Simplified burial insurance takes effect immediately, as you have to be in good health to purchase it. Guaranteed issue insurance almost always has a waiting period of two years or even longer. This is because there is no medical exam, and pre-existing conditions are not excluded, so it’s more likely the policyholder will pass during the waiting window. Since pre-need policies are sold directly by funeral homes, their rules vary. It may pay to shop around to find out which requires a medical exam and if there is a waiting period.

At the end of the day, insurance companies have their best interests and bottom line in mind. Always work with a reputable insurance agent to help you choose the best burial insurance for your needs, budget, and current health conditions.

What Is The Cheapest Burial Plan?

Direct cremation is the cheapest of all burial costs. With this method, the deceased’s body is transported directly to the crematory, the necessary documents are processed, and cremation is completed. Family members may pick up the cremains or have them sent to someone via USPS Priority Mail Express.

While this method is fast and cheap and doesn’t involve the rituals of a traditional burial, it gives the family more time to plan a memorial service, pick out a container for the cremains, or decide on a final resting or scattering location.

Direct cremation costs $800-$1,500, whereas the cheapest interment is $3,500-$5,500, and that is without added funeral services.

Are Prepaid Burial Policies A Good Idea?

Prepaid burial policies can be a very good idea for people who are concerned their family will not follow through on their end-of-life wishes, or for those who don’t want to put the burden of planning on their family.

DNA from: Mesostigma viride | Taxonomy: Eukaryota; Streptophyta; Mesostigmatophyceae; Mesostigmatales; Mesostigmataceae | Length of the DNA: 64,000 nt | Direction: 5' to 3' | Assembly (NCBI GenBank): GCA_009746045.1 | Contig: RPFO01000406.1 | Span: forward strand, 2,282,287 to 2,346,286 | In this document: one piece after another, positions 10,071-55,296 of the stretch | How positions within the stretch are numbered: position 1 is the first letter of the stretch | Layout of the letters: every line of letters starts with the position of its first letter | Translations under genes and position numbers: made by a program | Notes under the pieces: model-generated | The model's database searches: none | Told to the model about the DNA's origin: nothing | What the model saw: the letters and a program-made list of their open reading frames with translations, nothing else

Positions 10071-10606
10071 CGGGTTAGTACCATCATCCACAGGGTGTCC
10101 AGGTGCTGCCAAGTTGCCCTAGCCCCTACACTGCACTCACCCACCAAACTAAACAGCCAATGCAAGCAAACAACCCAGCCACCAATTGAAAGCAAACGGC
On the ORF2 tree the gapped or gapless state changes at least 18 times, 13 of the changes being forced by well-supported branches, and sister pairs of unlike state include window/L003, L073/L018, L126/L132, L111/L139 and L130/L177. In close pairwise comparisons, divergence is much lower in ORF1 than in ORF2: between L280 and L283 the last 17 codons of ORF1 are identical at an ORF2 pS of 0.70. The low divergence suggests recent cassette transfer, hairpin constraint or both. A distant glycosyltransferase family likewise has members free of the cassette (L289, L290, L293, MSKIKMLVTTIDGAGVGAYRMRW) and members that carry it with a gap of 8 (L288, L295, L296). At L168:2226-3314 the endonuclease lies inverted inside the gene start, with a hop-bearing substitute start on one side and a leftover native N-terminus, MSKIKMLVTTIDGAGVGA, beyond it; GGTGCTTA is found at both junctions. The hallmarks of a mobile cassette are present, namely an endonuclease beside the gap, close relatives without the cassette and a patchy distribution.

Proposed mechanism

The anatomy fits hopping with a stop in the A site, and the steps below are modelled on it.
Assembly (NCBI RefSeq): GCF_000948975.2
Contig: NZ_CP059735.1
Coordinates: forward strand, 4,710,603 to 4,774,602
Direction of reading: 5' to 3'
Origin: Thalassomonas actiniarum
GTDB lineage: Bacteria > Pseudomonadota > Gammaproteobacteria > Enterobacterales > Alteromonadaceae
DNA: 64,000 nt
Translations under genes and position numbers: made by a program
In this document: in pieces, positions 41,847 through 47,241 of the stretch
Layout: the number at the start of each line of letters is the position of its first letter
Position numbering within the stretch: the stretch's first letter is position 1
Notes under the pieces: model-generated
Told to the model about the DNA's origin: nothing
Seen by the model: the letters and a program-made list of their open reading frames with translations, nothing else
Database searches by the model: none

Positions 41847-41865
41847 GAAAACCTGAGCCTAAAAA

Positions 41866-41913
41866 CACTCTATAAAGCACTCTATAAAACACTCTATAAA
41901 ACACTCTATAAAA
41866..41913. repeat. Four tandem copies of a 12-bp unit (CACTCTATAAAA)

With prepaid final expense life insurance, you have a legal Authorization of Disposition document, and you contract directly with a local funeral home to basically plan your funeral and burial/cremation in advance.

The death benefit of the policy is paid directly to the funeral provider to cover the cost of your funeral, so there is no concern that your family will misuse funds.

What Are The Benefits Of Burial Insurance?

Some benefits of a final expense policy include:

  • No health exam or pre-existing condition exclusions (some policies)
  • Can’t be denied for guaranteed issue policies
  • Lower monthly premiums
  • Peace of mind for you and your family
  • No financial burden for your family
  • No funeral planning for your family (for prepaid plans)
High cost of funerals

What Funeral Expenses Will Add To The Cost Of Your Final Disposition?

The national average cost of a funeral is $7,800 but can vary drastically based on where you live and what funeral items and services your family chooses.

This list will give you a general idea of funeral costs:

  • Casket: $2,500
  • Cremation casket: $1,310
  • Cremation fee: $368
  • Urn: $295
  • Embalming: $775
  • Preparation of the body: $275
  • Hearse $350
  • Service car/van: $150
  • Printed materials: $183
  • Nondeclinable basic services fee $2,300

Source: National Funeral Directors Association, 2021 median costs

And those prices are just for a cremation and funeral services. If you plan for interment and haven’t already purchased a burial plot, that’s upwards of $1,000 depending on location. Digging the grave is another $1,000, and the headstone is another $1,000-$3,000.

This is why it’s prudent to plan for your final disposition as part of your estate planning.


Carol Farrish is a lifelong writer on diverse topics. Not quite ready to be a customer of the funeral industry for herself yet, she comes from a large family with over two dozen aunts and uncles who survived well into their 80s and 90s. She is a keen observer of the industry after having attended and participated in many funeral and memorial services for family, church friends, and business associates. Not a traditional person herself, she understands the importance of ritual, especially when death strikes a loved one.

Leave a Reply

Your email address will not be published. Required fields are marked *

Recent Posts